God & White Men at Yale
On a sweltering Friday in June 1921, a 54-year-old Yale economics professor named Irving Fisher delivered a major speech at Cold Spring Harbor on Long Island. The pain of the recent war in Europe was still fresh, and Fisher was troubled by the quality of those who had died, and the damage to “the potential fatherhood of the race” by the loss of so many young men “medically selected for fighting but thereby prevented from breeding.”
In light of these losses, the issue, it seemed to Fisher, was that graduates of leading universities were failing to do their reproductive duty: the families “of American men of science” averaged just 2.22 children, versus a national average of 4.66. (Or as he put it, perhaps too lucidly, “The average Harvard graduate is the father of three-fourths of a son and the average Vassar graduate the mother of one-half of a daughter.”) This “race suicide” among “the well-to-do classes means that their places will speedily be taken by the unintelligent, uneducated, and inefficient.”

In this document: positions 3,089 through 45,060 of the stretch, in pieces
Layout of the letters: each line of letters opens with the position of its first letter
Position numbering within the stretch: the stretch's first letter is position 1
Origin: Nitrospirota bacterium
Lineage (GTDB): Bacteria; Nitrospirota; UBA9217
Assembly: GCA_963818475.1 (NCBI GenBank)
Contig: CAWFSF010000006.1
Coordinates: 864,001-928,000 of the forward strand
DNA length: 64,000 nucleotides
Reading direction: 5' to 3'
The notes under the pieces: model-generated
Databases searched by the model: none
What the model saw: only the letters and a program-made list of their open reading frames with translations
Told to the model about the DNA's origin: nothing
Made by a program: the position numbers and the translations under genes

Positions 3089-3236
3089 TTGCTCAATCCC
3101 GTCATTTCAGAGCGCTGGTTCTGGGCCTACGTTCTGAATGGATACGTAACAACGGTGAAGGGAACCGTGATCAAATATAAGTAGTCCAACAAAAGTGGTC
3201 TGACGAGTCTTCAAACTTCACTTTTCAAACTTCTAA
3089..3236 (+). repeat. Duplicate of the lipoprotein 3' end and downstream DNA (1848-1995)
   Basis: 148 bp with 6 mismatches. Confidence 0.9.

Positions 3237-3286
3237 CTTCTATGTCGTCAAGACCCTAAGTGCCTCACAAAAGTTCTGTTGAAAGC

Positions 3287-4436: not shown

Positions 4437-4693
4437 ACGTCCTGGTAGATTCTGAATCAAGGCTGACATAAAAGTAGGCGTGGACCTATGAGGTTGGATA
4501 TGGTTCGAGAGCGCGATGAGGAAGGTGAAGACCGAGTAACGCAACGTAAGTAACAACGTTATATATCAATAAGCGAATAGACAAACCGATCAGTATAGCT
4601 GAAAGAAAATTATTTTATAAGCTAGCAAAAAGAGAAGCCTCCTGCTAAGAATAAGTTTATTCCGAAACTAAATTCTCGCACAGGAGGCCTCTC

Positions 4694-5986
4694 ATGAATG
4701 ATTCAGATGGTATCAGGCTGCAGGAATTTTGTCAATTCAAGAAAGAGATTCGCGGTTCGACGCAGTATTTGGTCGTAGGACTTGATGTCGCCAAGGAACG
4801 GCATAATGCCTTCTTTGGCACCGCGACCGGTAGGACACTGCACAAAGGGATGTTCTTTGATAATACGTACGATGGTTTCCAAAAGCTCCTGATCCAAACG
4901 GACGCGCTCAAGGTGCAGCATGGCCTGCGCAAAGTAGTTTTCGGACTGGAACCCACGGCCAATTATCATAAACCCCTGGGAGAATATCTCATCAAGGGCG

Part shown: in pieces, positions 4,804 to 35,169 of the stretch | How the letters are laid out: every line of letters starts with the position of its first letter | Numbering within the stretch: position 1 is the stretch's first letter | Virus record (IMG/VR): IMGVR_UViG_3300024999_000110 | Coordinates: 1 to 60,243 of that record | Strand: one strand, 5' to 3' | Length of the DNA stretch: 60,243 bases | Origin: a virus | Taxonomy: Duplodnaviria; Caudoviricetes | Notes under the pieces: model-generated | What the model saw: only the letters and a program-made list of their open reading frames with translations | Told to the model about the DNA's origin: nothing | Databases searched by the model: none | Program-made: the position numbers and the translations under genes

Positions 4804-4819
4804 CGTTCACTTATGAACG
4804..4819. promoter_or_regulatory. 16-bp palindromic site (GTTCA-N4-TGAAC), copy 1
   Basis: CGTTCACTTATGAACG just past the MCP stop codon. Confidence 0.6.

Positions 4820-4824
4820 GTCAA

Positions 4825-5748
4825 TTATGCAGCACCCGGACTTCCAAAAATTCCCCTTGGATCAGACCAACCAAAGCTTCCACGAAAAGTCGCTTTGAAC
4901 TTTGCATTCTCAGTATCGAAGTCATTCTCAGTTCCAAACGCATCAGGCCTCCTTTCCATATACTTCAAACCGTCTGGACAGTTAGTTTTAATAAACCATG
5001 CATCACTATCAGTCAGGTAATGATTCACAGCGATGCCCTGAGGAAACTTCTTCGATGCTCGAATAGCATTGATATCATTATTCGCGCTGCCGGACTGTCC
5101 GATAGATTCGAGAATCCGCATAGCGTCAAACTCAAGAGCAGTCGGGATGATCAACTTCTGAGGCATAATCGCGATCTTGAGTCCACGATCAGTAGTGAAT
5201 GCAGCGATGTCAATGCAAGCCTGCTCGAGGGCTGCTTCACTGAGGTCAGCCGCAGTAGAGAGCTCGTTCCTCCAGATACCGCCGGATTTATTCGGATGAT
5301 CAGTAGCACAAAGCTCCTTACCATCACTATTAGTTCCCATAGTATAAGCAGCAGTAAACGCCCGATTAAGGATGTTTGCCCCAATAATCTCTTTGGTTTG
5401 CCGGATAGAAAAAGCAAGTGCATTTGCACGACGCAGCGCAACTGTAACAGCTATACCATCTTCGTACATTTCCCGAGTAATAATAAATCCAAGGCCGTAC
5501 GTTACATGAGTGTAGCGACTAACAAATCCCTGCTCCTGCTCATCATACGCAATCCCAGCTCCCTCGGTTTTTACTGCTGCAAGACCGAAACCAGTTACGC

To prevent that, immigration from certain regions needed to be sharply curtailed, and birth control “extended from the white race to the colored” and to other “undesirable” ethnic and economic groups, ideally under the control of a eugenics committee established to “breed out the unfit and breed in the fit.” Otherwise, “the Nordic race … will vanish or lose its dominance.”
It was strong stuff, and from a seemingly impeccable source. Irving Fisher ‘88, ‘91PhD, a dapper, balding figure, with a white van dyke beard and rimless eyeglasses, was one of America’s best-known scholars. The New York Times ran long, flattering profiles about his work, and for years the Wall Street Journal published “Fisher’s Weekly Index,” for tracking market prices. The rich and powerful, including congressmen and presidents, sought his advice.
And with good reason: even today, Fisher is widely regarded as the greatest economist America has produced. He devised many of the basic concepts for analyzing the modern financial system and explained them so clearly that, at his death in 1947, the Harvard economics faculty en masse would sign a letter saying, “No American has contributed more to the advancement of his chosen subject.”